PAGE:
“Dance is the greatest release for everyone’s mental health. Dance can tell stories, express emotions, and release stress/ anxiety. I stress the importance of always putting everyone in dance, as a way of communication and connection to a person’s feelings and emotions,” St. John’s University dance team graduate and dance teacher Matthew Kirschenheiter said. “Some stretches I tend to focus on the most are my neck, my hamstrings and my shoulders/arms. Since I am getting older, oftentimes these muscles will be tight, and run the risk of being sore. Therefore, I place all my emphasis there to prevent that uncomfortable feeling the next morning. The dance styles I perform the most, especially on the St. John’s dance team includes hip-hop, pom and jazz which focus heavily on those specific muscles.”
Some at home (or dorm) options include just putting on some music to let loose with, following someone else’s routine online, or (one of my personal favorite ways to workout) play the Ubisoft game, Just Dance. My favorite in the series, Just Dance 4 includes so many of my favorite songs and contains different dance moves with varying levels of difficulty ranging from easy to medium to hard. One of the hardest songs in the game, “Livin’ La Vida Loca” by Ricky Martin, qualifies as a workout in itself. You feel the exhaustion after just this one song alone, not to mention if you do multiple songs afterwards back-to-back. Playing dance video games allows for a fun workout for those who either don’t have access to a studio, or don’t consider themselves “dancers” since the games provide guides to follow. There’s also a section in the game called “Just Sweat” that’s designated specifically for workouts rather than just dancing to your favorite songs.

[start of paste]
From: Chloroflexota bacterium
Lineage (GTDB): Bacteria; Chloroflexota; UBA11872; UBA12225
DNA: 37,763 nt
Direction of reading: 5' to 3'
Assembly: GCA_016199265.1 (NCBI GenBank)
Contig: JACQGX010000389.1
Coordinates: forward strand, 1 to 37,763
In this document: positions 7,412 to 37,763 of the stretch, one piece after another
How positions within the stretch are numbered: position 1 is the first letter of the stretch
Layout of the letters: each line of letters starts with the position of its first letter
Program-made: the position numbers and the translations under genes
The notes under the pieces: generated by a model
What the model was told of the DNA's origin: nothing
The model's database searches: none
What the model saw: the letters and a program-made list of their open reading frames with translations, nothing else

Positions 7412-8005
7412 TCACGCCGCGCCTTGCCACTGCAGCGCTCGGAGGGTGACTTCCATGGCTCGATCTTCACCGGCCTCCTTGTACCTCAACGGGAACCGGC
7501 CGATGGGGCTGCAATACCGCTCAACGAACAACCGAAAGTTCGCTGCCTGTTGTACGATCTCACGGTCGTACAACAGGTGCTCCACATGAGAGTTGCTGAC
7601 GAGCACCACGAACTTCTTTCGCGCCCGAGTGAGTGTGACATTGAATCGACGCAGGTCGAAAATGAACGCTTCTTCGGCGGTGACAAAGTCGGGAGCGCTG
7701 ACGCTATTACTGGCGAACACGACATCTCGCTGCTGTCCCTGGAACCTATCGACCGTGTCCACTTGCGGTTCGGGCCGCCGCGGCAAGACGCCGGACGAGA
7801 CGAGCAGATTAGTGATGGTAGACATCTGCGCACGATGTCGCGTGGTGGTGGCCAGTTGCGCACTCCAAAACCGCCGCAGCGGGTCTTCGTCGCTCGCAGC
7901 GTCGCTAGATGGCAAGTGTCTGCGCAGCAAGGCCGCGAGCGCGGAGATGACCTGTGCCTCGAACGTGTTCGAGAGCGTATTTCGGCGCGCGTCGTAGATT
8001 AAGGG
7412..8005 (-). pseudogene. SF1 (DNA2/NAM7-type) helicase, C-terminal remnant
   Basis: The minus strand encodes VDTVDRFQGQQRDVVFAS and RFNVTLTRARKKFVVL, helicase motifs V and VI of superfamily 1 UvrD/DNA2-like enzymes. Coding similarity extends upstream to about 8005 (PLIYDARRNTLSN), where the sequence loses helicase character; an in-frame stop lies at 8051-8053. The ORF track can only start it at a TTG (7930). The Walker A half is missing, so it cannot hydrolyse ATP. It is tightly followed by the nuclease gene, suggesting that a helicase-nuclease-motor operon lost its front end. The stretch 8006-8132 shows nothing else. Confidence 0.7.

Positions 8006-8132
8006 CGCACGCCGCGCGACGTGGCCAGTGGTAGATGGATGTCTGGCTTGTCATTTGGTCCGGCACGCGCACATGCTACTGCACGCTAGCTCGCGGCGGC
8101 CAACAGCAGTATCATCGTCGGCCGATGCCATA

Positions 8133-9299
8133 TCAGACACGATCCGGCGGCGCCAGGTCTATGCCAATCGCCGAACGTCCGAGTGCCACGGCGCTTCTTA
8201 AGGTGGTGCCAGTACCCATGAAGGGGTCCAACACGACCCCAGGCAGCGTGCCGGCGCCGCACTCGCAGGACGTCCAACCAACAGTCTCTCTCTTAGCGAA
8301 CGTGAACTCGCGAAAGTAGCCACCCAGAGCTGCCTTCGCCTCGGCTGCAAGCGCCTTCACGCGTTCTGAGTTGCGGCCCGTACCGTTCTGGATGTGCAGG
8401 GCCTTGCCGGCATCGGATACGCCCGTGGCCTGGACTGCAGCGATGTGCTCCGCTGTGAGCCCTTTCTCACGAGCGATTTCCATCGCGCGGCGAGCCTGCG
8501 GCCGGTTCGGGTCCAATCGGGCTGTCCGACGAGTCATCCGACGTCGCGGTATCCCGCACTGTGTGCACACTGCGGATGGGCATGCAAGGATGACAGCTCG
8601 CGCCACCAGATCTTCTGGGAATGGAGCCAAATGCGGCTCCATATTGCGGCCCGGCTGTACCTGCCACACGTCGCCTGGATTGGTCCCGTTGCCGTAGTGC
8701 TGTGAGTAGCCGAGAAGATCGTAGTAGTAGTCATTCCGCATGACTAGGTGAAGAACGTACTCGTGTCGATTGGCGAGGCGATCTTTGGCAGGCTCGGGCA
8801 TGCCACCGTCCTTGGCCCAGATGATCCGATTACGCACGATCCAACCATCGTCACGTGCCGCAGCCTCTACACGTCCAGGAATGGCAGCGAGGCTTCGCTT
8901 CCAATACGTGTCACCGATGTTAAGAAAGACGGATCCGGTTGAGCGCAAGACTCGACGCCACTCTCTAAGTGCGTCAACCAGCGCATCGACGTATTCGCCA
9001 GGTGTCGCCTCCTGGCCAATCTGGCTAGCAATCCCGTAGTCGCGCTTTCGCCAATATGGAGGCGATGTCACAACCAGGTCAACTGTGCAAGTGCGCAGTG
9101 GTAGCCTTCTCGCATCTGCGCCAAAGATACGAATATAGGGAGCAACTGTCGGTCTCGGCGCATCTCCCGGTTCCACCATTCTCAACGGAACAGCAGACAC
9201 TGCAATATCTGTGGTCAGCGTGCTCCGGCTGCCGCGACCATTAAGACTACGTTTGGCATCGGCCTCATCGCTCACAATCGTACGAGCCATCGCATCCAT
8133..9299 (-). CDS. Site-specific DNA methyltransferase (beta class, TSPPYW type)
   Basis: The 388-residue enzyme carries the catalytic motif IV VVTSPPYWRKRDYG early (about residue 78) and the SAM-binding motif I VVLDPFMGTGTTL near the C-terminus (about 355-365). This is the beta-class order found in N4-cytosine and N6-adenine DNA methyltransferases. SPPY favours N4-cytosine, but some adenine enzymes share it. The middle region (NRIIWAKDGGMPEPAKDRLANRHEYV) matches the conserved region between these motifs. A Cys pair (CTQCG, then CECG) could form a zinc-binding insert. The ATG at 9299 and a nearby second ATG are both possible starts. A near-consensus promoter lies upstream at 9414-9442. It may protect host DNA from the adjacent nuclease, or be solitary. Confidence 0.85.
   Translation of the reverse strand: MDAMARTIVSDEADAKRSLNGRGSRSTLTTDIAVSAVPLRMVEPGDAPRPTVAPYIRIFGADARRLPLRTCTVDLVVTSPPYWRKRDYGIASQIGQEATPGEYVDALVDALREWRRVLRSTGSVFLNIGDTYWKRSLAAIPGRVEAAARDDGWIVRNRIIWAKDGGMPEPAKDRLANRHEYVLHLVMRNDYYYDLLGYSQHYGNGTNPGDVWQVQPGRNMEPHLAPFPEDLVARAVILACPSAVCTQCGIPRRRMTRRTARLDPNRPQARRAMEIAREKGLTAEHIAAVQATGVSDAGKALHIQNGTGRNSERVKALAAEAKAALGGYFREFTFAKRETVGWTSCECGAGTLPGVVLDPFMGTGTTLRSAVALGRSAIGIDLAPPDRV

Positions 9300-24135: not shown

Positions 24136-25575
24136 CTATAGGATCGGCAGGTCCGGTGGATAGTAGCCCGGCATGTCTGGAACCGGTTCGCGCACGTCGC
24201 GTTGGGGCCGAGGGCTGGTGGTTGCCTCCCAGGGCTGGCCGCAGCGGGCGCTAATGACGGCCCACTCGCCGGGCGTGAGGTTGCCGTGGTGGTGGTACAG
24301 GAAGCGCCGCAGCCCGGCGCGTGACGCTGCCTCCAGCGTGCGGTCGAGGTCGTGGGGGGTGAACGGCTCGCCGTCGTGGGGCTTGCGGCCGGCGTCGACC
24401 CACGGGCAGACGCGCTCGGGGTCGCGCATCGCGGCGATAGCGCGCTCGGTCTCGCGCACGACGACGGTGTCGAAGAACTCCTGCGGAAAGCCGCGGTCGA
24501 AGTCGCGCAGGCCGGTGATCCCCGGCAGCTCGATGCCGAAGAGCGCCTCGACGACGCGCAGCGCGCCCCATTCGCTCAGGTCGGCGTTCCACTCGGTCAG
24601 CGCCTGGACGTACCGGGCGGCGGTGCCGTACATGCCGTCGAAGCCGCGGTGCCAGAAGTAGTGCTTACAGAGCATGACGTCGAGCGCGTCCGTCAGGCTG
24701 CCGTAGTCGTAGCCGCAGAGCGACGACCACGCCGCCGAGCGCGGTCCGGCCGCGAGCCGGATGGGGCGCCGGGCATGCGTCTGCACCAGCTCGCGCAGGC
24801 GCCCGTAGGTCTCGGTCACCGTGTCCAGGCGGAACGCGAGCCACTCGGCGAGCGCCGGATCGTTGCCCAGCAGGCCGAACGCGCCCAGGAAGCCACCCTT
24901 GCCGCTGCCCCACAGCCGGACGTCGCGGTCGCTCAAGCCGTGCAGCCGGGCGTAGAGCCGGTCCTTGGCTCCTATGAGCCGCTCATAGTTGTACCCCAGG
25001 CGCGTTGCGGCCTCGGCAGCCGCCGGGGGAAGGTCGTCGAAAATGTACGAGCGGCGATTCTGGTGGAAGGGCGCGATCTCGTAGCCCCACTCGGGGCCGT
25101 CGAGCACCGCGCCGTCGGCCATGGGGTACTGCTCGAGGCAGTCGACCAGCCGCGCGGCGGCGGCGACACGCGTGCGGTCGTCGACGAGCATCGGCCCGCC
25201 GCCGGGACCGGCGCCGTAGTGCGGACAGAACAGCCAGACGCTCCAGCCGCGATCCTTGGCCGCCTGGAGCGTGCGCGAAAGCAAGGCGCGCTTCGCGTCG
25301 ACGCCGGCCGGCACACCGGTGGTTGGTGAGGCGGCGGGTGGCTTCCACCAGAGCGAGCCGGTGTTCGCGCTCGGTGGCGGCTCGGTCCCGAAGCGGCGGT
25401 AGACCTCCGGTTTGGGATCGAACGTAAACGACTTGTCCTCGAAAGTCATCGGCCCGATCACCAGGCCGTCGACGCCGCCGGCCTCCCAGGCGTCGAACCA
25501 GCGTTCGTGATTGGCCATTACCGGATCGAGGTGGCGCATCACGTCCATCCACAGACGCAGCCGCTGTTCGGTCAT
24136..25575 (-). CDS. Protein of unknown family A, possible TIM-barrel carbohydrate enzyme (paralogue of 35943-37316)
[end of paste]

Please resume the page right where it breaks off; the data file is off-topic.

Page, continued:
“College is one of the most stressful times of everyone’s life and whether it be working out, or joining a team, it will help increase everyone’s mental health. Working out allows people to release whatever is happening in the outside world, and just be present in the moment. Releasing endorphins and having fun, and it’s all from working out. It’s essential for college students to do it,” Kirschenheiter said. “My experience on the St. John’s University dance team has been a dream come true. I have had endless opportunities and lifelong memories that I will hold and cherish forever. I always say, I don’t have a team, I have an added brother and 28 sisters!”
Coming straight from an active college student himself, dancing does change lives. Dance not only transformed Matthew’s life but also positively impacted his studies. Incorporate dancing into your workout routine if you’re looking for a liberating experience. Form a group of friends to dance the night away with while breaking a sweat. Not only will you bond while enjoying some great music, but you’ll also better your health at the same time.